Fixed calendar date for the Famine Memorial Day looks more likely
By Mary Dennehy
A TALLAGHT family’s campaign to secure a fixed date on the national calendar for the Famine Memorial Day received a boost last week, when the issue was raised in Dáil Éireann.
In 2004, Raheen resident Michael Blanch found the Committee of the Commemoration of Irish Famine Victims [CCIFV] – the group responsible for the introduction of a national day of remembrance in 2008 by then-Taoiseach, Brian Cowen.
Since a national day of remembrance was introduced, CCIFV has been lobbying the Government for a fixed date on the national calendar for An Gorta Mór Sunday.
However, a swinging date for the commemoration continues to be in place.
THE CCIFV has over the years garnered much support and collected hundreds of signatures in support of a fixed date, alongside engaging in a number of peaceful protests to highlight the issue.
Last week, Dublin South West FineGael TD Colm Brophy called for a fix calendar date to be given to the National Famine Memorial Day.
Speaking in the Dáil, Deputy Brophy said: “The National Famine Memorial Day is one of three national commemoration days held in Ireland every year . . . the Famine commemoration event is the only one that does not have a fixed date in the calendar.
“We have a fixed date to commemorate Easter 1916 and one to commemorate all those who died in other wars on behalf of our county.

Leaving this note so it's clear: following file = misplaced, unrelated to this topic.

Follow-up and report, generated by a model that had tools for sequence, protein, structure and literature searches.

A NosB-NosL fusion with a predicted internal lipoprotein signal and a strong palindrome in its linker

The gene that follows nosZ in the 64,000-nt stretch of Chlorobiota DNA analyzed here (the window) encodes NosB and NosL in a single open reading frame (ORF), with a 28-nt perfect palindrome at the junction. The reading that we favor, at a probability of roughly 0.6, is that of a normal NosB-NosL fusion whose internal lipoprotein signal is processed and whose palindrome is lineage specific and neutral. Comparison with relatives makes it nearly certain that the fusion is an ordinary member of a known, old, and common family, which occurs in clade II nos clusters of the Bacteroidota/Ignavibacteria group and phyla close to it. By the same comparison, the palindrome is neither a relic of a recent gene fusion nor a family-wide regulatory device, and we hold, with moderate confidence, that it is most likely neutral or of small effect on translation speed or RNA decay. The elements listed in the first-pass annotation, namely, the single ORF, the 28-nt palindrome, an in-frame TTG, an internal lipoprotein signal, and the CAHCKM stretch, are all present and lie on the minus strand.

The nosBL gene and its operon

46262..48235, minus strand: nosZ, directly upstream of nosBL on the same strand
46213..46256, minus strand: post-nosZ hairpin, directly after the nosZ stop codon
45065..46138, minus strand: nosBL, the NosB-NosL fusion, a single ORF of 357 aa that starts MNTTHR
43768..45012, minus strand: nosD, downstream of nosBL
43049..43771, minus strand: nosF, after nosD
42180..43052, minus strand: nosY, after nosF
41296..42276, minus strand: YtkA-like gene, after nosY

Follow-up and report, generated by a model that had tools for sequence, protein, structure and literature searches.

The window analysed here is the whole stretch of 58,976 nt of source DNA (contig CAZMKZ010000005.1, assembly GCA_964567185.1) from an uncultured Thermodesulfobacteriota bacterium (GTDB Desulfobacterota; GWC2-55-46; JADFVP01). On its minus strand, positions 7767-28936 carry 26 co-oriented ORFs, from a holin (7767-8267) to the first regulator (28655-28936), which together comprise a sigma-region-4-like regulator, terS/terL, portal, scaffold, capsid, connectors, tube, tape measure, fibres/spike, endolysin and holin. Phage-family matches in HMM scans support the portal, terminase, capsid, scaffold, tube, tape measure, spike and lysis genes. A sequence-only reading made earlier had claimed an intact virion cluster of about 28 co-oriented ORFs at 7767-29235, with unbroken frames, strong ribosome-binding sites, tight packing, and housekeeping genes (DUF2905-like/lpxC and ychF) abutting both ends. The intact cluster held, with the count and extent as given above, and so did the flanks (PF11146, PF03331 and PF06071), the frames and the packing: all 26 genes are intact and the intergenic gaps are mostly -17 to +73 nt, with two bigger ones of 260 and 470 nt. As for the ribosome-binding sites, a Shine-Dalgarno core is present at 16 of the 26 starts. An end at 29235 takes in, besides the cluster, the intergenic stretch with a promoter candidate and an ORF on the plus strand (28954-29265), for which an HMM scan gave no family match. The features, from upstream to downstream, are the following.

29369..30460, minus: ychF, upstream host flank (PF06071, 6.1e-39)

“However, when it comes to what is, perhaps, our country’s greatest tragedy, it is somehow deemed not important enough to be marked by a permanent date in our calendar. This is no longer acceptable.
“We need a fixed date for a number of reasons. It will allow everyone to work towards the commemoration, on a yearly basis, and allows schools to make it part of the school curriculum. A permanent date, to which people could plan ahead, would also allow more of the Irish diaspora to attend the commemoration each year, which would be very fitting considering the impact the Famine had on emigration.”
He added: “The Department of Arts, Heritage and the Gaeltacht maintains that the flexibility of the date is required to ensure the attendance of the President or the Taoiseach.
“However, I would argue that if someone knows that a date is in a diary, they can work towards it. It would not be accepted if we decided to hold our other two national commemoration days at different times each year.
“There needs to be a change in our mentality when it comes to commemorating this momentous and terrible moment in our history. I feel that setting a fixed and permanent date in our diaries to remember and honour all those lost their lives would be a very positive step.”
Dublin South West Sinn Féin TD, Sean Crowe has also thrown his weight behind the campaign.
He said: “I am aware that a significant number of TDs are in favour of a fixed Sunday for the National Famine Memorial Day in the National Calendar.
It is time for the Minister to listen and respond in a more proactive way.
“I am calling on Minister Humphreys [Minister for Arts, Heritage, Regional, Rural and Gaeltacht Affairs] once again, to review her own ill-thought-out position and revisit the whole idea of holding the national commemoration on a fixed Sunday.
“I believe that a fixed date, around which awareness can be built and set in the public consciousness, would benefit and deliver immeasurable benefits for commemorating An Gorta Mór and educating younger generations about its importance and centrality in our collective story as developing nation.”
Other local politicians who have backed the campaign for a fixed date include Dublin South West Anti-Austerity Alliance TD Paul Murphy, Dublin Mid-West Sinn Féin TD Eoin Ó Broin and Dublin Central Independent TD, Maureen O’Sullivan.
A comment from Minister Humphreys’ office was not received in time for print.